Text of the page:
Ricky Stanicky - Jeff Bushell. Three childhood friends invent someone to take the blame for all of their shenanigans. Eventually their wives demand to meet this person and they hire and actor to play him. Sounds like a Farrelly Brothers movie and I mean that in the most sincere way possible. James Franco is attached.
Zombie Baby - Andy Jones. You don’t need to know anything other than the title. Trust me.
Boy Scouts Vs. Zombies - Carrie Evans & Emi Mochizuko. Again, no other information necessary.
Prom - Katie Wech. “High school students prepare for their prom.” No, seriously. That is all there is to it.
Fucking Jane Austen - Blake Bruns. Again, use a dirty word, get Black Listed. But this one actually lives up to its title. Two men are pissed at Austen for creating unrealistic expectations about love among women (preach it brothers!) so they get sent back in time. Unfortunately the only way for them to get back is to have Jane Austen fall in love and sleep with one of them.
Paint - Brit McAdams. From the list, “A Bob Ross-esque PBS painting show host must fight for his career when his station brings in a rival painting host.” Stop, you had me a Bob Ross-esque.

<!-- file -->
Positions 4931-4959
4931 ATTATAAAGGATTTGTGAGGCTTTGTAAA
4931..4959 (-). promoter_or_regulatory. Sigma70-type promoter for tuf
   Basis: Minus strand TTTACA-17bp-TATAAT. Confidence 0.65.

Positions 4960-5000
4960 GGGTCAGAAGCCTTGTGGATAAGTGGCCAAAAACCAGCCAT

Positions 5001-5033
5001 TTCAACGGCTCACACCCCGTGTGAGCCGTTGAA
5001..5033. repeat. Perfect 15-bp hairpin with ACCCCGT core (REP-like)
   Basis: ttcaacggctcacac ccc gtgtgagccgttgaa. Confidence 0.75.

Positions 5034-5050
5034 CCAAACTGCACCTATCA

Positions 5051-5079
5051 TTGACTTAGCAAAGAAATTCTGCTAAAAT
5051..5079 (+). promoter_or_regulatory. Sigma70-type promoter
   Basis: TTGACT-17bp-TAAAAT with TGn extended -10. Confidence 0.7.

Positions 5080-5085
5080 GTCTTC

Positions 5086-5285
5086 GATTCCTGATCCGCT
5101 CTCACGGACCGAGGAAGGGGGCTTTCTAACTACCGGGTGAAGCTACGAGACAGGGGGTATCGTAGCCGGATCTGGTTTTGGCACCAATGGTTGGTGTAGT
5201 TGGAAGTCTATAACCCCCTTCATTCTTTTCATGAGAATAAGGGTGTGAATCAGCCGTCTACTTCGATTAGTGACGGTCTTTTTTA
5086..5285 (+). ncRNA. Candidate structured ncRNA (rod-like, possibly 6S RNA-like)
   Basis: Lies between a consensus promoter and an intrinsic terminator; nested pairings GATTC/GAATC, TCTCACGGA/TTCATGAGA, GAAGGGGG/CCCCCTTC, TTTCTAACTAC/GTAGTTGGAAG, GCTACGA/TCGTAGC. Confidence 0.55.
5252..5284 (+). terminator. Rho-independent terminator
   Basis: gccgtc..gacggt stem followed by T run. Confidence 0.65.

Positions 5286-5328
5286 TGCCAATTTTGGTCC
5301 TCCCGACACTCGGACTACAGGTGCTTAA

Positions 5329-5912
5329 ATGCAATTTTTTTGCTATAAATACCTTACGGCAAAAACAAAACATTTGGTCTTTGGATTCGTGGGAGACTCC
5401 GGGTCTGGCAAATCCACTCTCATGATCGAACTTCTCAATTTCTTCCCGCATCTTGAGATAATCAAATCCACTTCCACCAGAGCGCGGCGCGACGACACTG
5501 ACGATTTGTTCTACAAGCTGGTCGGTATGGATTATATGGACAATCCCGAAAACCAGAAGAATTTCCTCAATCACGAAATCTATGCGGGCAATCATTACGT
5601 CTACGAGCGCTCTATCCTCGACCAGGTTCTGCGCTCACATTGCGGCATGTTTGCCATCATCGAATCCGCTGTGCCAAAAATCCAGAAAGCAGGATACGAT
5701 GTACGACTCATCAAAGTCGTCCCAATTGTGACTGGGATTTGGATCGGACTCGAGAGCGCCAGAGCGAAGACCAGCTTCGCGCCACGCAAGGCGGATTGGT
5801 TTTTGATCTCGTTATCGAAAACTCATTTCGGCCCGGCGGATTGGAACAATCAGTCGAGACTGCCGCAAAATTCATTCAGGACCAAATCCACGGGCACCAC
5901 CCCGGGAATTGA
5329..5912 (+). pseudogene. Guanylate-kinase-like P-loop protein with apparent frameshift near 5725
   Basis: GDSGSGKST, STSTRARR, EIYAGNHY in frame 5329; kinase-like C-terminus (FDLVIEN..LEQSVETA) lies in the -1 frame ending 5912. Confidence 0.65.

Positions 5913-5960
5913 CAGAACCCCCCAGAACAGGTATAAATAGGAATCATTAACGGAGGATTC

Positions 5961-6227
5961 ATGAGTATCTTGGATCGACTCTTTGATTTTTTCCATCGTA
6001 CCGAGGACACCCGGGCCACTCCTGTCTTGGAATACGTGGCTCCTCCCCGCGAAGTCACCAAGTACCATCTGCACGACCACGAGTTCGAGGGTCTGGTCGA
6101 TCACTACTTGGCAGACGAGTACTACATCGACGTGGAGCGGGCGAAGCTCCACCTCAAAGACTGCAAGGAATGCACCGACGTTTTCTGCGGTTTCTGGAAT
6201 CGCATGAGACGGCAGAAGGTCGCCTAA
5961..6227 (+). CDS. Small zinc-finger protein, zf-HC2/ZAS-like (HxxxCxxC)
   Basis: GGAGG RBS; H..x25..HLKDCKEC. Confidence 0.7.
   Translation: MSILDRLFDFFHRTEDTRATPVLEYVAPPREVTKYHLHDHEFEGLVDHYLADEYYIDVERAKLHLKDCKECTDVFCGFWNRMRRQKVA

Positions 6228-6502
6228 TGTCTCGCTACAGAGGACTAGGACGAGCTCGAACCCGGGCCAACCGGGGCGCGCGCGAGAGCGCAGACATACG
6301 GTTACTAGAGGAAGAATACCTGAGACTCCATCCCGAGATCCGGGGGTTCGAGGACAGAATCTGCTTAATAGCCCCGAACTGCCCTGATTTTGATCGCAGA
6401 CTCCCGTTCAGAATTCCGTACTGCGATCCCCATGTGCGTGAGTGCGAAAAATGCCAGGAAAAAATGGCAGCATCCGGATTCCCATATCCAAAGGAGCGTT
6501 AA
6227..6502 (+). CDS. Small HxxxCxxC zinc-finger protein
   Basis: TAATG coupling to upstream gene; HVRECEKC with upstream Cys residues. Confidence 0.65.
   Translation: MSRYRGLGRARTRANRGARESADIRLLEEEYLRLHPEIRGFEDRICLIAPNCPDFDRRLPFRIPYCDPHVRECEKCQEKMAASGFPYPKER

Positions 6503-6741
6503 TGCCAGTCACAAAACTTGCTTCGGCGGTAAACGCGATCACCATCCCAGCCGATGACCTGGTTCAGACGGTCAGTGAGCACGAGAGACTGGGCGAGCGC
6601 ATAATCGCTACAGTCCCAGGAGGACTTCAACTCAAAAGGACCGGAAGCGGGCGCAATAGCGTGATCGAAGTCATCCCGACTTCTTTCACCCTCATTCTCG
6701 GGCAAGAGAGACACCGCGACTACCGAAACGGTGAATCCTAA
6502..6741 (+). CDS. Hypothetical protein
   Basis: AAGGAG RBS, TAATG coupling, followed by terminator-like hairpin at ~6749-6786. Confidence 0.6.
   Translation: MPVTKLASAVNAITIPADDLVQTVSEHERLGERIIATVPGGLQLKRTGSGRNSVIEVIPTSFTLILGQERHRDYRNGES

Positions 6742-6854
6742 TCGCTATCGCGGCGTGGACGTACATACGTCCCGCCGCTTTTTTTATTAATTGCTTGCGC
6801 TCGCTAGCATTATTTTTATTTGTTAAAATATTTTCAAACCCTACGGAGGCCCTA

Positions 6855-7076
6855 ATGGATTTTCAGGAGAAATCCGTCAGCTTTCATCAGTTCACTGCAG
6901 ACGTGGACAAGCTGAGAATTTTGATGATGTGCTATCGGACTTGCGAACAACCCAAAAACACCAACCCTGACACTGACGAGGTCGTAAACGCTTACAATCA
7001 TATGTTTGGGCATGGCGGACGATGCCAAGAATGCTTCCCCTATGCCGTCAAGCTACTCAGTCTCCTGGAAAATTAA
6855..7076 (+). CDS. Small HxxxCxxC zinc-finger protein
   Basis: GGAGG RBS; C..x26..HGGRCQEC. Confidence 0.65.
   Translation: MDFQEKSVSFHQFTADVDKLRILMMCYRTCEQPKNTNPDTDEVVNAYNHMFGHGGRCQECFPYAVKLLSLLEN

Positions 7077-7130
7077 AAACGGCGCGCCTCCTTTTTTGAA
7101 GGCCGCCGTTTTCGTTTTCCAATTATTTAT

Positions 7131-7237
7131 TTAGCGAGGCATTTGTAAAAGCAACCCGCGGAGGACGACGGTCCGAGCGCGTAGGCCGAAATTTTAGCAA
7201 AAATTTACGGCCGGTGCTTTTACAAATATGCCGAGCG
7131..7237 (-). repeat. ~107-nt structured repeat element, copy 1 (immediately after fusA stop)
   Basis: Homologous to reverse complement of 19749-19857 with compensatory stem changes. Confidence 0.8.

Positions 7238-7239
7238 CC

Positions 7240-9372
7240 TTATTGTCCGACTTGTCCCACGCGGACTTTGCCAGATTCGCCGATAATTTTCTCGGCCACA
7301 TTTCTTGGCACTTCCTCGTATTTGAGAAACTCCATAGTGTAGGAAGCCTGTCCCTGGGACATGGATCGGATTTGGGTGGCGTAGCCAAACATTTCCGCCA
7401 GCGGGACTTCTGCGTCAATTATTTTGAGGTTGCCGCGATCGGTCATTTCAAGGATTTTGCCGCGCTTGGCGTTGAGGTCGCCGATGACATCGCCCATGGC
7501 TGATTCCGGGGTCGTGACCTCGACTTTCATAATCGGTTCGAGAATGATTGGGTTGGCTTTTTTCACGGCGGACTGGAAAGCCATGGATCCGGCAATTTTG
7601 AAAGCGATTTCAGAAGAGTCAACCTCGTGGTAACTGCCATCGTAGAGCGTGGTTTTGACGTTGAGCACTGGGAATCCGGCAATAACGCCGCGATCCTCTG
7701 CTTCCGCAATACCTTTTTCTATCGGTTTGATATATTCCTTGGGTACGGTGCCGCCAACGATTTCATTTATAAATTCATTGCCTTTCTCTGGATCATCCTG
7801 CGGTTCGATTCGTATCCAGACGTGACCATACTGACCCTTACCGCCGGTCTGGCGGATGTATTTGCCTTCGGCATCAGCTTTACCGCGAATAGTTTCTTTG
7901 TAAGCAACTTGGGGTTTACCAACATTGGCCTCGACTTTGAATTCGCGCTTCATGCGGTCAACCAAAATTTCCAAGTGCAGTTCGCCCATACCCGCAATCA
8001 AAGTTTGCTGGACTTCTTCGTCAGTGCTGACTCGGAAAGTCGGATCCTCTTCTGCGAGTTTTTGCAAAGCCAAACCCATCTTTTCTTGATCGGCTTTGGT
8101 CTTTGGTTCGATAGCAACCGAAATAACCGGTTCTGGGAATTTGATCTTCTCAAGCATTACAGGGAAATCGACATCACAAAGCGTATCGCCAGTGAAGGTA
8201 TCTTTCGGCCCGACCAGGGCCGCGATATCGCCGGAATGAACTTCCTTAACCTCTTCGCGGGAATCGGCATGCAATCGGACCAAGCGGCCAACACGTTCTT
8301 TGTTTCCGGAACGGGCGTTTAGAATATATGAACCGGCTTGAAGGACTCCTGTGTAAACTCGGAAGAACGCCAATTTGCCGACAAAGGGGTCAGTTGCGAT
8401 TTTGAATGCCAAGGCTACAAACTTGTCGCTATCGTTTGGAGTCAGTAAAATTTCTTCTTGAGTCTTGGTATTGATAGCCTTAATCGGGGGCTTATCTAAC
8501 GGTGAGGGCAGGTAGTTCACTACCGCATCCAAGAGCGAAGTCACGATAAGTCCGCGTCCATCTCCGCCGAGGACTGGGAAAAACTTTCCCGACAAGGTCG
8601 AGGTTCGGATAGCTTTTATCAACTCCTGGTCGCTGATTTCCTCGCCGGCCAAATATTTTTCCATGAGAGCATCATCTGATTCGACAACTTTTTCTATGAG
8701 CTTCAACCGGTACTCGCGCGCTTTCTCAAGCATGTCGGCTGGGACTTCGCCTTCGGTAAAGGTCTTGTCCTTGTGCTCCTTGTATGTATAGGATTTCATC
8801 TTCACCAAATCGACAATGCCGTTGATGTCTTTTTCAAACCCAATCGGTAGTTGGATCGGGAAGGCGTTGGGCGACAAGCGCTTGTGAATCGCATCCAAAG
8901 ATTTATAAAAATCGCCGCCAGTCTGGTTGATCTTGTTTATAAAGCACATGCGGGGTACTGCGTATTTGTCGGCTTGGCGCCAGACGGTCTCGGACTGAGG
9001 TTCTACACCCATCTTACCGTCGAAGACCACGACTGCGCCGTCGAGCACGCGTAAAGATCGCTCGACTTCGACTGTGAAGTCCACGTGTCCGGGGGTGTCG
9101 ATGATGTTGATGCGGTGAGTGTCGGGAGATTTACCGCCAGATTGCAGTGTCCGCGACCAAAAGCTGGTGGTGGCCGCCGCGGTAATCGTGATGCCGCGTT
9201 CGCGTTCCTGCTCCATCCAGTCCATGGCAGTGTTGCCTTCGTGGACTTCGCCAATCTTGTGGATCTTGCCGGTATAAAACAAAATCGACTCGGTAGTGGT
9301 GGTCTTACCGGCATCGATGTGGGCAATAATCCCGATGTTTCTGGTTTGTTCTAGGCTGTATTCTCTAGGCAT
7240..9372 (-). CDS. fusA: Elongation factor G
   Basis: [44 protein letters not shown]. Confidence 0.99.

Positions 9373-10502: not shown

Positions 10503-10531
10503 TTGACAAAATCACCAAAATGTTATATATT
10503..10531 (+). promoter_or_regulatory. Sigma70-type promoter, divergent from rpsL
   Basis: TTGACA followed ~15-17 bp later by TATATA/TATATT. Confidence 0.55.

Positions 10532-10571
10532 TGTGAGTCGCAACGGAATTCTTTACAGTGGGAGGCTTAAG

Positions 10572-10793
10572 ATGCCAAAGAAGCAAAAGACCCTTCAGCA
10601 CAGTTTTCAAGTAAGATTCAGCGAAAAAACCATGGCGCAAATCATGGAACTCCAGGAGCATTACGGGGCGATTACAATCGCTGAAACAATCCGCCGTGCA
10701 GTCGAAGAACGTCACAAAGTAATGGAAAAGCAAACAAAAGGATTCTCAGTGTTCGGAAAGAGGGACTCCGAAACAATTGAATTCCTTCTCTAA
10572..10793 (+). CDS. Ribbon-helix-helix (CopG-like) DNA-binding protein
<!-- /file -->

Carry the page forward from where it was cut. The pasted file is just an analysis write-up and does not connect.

Source: Entertainment Weekly
When one thinks of real life couples in movies, names like Tracy & Hepburn and Cruise & Kidman come to mind, as well as a plethora of other pairs. Making headlines today is a lesser known - but no less talented - couple: actress Rachel Weisz & director Darren Aronofsy, who will re-team for the first time since 2006's The Fountain for a biopic of Jackie Kennedy.
The film will chronicle the four days between Kennedy's assassination and his burial, showing the beloved Kennedy at both her most vulnerable and her most graceful, reports Entertainment Weekly. Weisz's fiance, director Aronofsky will direct and produce, along with his producing partner Scott Franklin and their Protozoa Pictures film company.
The project was once rumored to have Steven Spielberg attached as producer when it was being developed as a telefilm for HBO, but it is now known that he is not involved in any way. The script was written Noah Oppenheim.
Steven Spielberg and the late Jackie Kennedy Onassis are linked together in a new project.
The Los Angeles Times reports that Spielberg is selling Jackie, a hot script about the late First Lady that's making the rounds in Hollywood. Noah Oppenheim, a journalist, author and producer on theToday show has written the script.
The story chronicles the days immediately following the assassination of John F. Kennedy from Jackie's point-of-view. Spielberg is on board the project in a producing capacity.
HBO is a lead contender to buy the script and would likely develop it as a film it could air on its network, says the LAT.